"Making an exception for feedstock produced by smallholders isn't just allowing high-ILUC-risk biofuels such as palm oil into Europe through the back door, it's allowing it through the front door. The hard-won compromise reached on RED II couldn't have been clearer in its message that Europe should phase out biofuels associated with the significant deforestation and peatland drainage that has defined most palm oil expansion."
"Low-ILUC-risk biofuels certified as such could escape from the phase-out, but these were clearly defined as either produced through improved agricultural practices or from unused land. By inventing a third, alternative criterion for smallholders, the Commission is making a mockery of the agreed RED II compromise," Desplechin claims.
(Source: ePURE, Feb., 2019) Contact: ePURE Emmanuel Desplechin, Sec. Gen., +32 2 657 6679, email@example.com, www.epure.org
More Low-Carbon Energy News ePure, Palm Oil, Biodiesel,
"Making an exception for feedstock produced by smallholders isn't just allowing high-ILUC-risk biofuels such as palm oil into Europe through the back door, it's allowing it through the front door," said Emmanuel Desplechin, Secretary General of ePURE, the European renewable ethanol association. "The hard-won compromise reached on RED II couldn't have been clearer in its message that Europe should phase out biofuels associated with the significant deforestation and peatland drainage that has defined most palm oil expansion."
"Low-ILUC-risk biofuels certified as such could escape from the phase-out, but these were clearly defined as either produced through improved agricultural practices or from unused land. By inventing a third, alternative criterion for smallholders, the EC is making a mockery of the agreed RED II compromise," the ePure Secretary General added.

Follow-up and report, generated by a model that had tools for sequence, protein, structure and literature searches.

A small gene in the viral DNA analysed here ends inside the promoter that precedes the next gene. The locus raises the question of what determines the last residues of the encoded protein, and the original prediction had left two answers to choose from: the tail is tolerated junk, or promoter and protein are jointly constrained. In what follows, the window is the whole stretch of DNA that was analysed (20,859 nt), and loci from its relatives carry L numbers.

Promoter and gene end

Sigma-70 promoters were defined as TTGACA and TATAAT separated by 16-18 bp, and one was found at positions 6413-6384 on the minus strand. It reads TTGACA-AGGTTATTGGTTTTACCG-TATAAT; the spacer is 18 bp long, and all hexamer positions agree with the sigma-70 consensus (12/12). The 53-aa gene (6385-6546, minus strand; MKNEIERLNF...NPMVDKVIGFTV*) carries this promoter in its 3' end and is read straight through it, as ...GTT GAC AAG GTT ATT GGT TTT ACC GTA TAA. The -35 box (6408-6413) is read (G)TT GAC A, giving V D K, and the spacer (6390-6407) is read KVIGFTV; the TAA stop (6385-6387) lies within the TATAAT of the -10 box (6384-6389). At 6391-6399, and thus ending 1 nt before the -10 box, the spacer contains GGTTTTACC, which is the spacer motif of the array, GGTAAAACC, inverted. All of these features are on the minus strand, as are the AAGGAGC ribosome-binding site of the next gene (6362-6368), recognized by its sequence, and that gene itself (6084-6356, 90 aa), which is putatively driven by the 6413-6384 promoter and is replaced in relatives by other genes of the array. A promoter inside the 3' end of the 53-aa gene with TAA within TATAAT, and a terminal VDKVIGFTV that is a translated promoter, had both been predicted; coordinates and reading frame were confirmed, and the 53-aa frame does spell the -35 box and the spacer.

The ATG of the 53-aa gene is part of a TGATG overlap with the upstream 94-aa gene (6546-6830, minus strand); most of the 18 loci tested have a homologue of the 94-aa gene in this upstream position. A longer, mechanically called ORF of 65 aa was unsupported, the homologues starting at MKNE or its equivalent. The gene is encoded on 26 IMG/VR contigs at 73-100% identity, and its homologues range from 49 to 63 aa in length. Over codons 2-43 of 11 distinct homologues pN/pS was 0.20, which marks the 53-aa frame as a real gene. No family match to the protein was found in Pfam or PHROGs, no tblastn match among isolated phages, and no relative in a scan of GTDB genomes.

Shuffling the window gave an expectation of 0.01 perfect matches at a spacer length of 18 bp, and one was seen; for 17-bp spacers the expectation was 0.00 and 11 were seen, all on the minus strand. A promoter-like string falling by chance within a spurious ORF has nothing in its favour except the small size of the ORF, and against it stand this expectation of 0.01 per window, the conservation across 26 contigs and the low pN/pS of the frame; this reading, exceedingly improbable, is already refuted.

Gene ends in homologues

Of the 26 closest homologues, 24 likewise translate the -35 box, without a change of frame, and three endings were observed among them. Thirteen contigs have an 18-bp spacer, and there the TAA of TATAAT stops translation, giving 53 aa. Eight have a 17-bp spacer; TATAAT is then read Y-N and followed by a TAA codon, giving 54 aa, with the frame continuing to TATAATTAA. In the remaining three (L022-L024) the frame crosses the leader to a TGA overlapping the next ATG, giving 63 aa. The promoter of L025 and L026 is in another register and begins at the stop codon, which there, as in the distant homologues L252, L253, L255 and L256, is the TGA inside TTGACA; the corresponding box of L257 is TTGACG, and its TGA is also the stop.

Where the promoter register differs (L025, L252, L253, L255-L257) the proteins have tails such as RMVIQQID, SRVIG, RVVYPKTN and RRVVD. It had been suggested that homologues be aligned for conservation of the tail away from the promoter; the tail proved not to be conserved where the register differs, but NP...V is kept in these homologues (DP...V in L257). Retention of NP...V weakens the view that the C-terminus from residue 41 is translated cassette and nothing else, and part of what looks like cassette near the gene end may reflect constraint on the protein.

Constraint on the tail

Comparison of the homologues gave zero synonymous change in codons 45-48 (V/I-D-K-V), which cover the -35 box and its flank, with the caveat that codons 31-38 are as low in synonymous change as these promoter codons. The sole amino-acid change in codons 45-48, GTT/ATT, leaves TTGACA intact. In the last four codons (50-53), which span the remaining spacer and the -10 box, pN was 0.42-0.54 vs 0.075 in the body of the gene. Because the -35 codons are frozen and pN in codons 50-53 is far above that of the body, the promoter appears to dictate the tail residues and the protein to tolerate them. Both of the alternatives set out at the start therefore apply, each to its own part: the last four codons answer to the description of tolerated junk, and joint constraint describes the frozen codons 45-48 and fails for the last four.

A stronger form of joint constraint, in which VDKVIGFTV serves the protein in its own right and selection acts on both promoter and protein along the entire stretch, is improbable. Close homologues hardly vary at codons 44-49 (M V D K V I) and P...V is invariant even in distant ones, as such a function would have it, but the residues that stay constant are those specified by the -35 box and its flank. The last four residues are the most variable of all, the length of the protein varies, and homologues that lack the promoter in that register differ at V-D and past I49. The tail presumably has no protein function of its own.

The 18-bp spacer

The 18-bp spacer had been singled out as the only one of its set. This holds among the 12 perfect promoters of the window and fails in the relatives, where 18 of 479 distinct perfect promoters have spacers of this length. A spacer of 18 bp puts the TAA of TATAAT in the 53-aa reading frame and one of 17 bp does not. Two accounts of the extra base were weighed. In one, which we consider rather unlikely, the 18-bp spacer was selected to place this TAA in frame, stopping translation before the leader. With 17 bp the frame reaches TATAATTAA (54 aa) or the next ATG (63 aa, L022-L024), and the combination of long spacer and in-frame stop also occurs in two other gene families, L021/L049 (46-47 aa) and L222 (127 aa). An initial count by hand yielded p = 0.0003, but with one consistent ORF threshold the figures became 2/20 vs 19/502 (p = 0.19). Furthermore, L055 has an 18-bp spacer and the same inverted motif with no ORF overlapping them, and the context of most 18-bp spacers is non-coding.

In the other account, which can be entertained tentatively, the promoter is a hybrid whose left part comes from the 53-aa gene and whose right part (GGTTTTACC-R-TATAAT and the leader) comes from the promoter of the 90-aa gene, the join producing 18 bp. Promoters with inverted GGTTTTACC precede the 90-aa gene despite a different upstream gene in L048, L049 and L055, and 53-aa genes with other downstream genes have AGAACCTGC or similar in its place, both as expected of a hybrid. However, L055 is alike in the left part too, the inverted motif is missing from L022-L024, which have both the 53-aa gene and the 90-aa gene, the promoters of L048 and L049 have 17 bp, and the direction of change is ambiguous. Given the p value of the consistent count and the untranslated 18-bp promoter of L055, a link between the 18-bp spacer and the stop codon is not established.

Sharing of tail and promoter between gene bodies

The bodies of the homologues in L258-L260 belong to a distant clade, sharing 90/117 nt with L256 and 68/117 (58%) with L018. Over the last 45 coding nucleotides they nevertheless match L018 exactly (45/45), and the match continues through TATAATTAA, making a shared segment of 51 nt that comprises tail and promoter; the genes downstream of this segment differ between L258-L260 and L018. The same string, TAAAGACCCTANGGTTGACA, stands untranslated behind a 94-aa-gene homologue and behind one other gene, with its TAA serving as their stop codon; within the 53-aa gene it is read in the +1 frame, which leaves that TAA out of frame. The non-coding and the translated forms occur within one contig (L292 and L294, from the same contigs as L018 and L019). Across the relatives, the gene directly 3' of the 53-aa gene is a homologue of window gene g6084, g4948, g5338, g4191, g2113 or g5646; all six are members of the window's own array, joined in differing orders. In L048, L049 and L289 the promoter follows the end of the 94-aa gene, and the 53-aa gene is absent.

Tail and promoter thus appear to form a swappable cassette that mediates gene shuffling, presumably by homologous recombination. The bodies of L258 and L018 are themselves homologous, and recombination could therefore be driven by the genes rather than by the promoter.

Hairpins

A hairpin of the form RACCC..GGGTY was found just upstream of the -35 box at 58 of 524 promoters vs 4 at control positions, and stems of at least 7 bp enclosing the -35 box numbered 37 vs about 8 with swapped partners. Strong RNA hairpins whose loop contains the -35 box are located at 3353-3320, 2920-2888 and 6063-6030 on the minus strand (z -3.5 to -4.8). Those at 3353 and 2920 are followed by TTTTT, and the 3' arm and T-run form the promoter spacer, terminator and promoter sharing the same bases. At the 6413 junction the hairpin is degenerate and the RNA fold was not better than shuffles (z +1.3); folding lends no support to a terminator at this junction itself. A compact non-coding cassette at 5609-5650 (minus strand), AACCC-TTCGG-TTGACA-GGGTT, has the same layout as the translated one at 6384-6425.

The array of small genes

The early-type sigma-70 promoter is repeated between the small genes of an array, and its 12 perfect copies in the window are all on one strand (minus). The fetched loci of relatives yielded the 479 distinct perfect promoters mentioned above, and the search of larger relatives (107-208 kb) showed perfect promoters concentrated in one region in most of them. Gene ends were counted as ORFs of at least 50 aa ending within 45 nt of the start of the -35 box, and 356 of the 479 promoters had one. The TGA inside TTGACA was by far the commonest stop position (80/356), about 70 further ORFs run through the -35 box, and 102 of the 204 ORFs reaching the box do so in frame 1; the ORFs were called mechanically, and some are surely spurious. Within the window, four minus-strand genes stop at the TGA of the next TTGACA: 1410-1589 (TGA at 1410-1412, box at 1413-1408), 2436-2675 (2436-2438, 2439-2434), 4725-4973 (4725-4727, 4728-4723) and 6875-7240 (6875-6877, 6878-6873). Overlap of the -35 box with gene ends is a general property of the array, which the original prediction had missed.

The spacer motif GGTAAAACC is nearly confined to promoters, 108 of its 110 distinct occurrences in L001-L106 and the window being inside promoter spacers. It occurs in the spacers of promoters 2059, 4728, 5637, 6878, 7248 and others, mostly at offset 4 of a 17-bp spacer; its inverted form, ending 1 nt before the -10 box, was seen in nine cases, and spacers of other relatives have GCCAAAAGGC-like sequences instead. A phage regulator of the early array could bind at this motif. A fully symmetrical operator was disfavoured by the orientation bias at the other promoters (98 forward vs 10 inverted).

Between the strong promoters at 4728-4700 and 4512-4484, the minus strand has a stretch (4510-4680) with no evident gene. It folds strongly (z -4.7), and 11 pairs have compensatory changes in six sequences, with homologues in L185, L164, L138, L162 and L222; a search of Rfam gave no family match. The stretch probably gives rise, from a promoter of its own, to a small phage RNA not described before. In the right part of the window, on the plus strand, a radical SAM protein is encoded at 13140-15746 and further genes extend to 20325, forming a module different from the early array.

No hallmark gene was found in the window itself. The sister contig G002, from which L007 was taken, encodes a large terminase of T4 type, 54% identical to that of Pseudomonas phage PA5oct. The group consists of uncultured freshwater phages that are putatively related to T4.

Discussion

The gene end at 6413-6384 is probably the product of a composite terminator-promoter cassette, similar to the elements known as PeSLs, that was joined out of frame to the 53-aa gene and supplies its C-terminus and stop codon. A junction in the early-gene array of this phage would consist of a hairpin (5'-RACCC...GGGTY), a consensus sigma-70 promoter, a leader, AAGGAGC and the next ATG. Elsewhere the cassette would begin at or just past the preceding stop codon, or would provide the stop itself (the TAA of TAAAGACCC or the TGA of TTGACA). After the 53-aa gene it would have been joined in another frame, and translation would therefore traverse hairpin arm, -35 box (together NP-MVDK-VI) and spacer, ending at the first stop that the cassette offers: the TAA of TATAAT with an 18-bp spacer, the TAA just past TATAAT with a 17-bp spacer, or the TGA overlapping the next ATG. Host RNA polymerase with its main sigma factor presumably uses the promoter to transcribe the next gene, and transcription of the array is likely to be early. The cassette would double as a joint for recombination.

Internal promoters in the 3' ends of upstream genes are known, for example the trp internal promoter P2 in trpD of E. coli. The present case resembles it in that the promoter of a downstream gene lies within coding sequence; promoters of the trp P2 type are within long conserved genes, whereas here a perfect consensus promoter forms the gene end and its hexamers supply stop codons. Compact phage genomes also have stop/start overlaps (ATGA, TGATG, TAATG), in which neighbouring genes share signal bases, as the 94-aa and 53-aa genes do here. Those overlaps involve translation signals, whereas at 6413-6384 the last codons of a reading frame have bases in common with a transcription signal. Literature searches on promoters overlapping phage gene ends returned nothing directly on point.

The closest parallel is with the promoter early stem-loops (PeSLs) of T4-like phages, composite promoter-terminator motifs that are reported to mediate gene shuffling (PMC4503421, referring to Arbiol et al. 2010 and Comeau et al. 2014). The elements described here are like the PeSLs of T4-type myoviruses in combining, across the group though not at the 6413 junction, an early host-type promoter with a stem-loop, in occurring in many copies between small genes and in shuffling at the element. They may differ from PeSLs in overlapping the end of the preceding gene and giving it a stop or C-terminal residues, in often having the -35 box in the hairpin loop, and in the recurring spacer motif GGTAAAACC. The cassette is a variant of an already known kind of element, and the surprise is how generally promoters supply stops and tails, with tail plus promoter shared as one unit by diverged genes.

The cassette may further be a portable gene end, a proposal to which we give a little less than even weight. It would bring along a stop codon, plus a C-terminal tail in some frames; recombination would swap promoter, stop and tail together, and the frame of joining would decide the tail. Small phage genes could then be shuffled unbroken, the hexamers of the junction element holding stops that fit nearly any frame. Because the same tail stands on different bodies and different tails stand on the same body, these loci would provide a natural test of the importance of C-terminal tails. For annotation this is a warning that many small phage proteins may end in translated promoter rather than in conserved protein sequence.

European renewable ethanol is made from European feedstock and delivers high greenhouse-gas reduction and is not associated with deforestation. Its use cuts GHG emissions by more than 70 pct on average compared to fossil petrol. (Source: ePure, EC, Feb., 2019)
Contact: European Renewable Ethanol Assoc. (ePURE), Emmanuel Desplechin, Sec. Gen., +32 2 657 6679, firstname.lastname@example.org, www.epure.org
More Low-Carbon Energy News Palm Oil, Biodiesel , ePure, Biofuel,
Carbon farming uses land management and conservation to increase the amount of carbon that agriculture pulls out of the air and locks into the soil and vegetation. Existing carbon farming programs in California, the Midwest and other countries have shown that a 2.5 acre plot of pasture or rangeland can store about one metric tpy of carbon. The NC peatlands, once re-wetted, have much greater potential -- perhaps 15 to 20 times more -- meaning the land could yield hundreds of thousands of metric tpy of carbon.
The Duke project will launch with a 300 acre pilot which could be expanded depending on its results. To date, the university has invested approximately $300,000 on the project which could sell carbon credits to companies.
(Source: Duke University, Triangle Business Journal, Dec., 2018) Contact: Duke University, Curtis Richardson, Dir., Wetland Center, ww.researchgate.net/profile/Curtis_Richardson
More Low-Carbon Energy News Peatland, Peat, Duke University, CCS, Carbon Emissiuons, CO2, Climate Change,
The bill aims to bring about a social, business and government dialogue to formulate and drive the concrete plans, policies, and investments needed for a fast and fair transformation to a low-carbon economy.
The Green Party initiative
follows Bord na Mona's announcement of job cuts in its peat harvesting business by 2025.
The Bill proposes that funding currently used to sustain peat-fired power plants be diverted to support job transition, peatland restoration and social protection for those who may lose their jobs in fossil fuel related industries.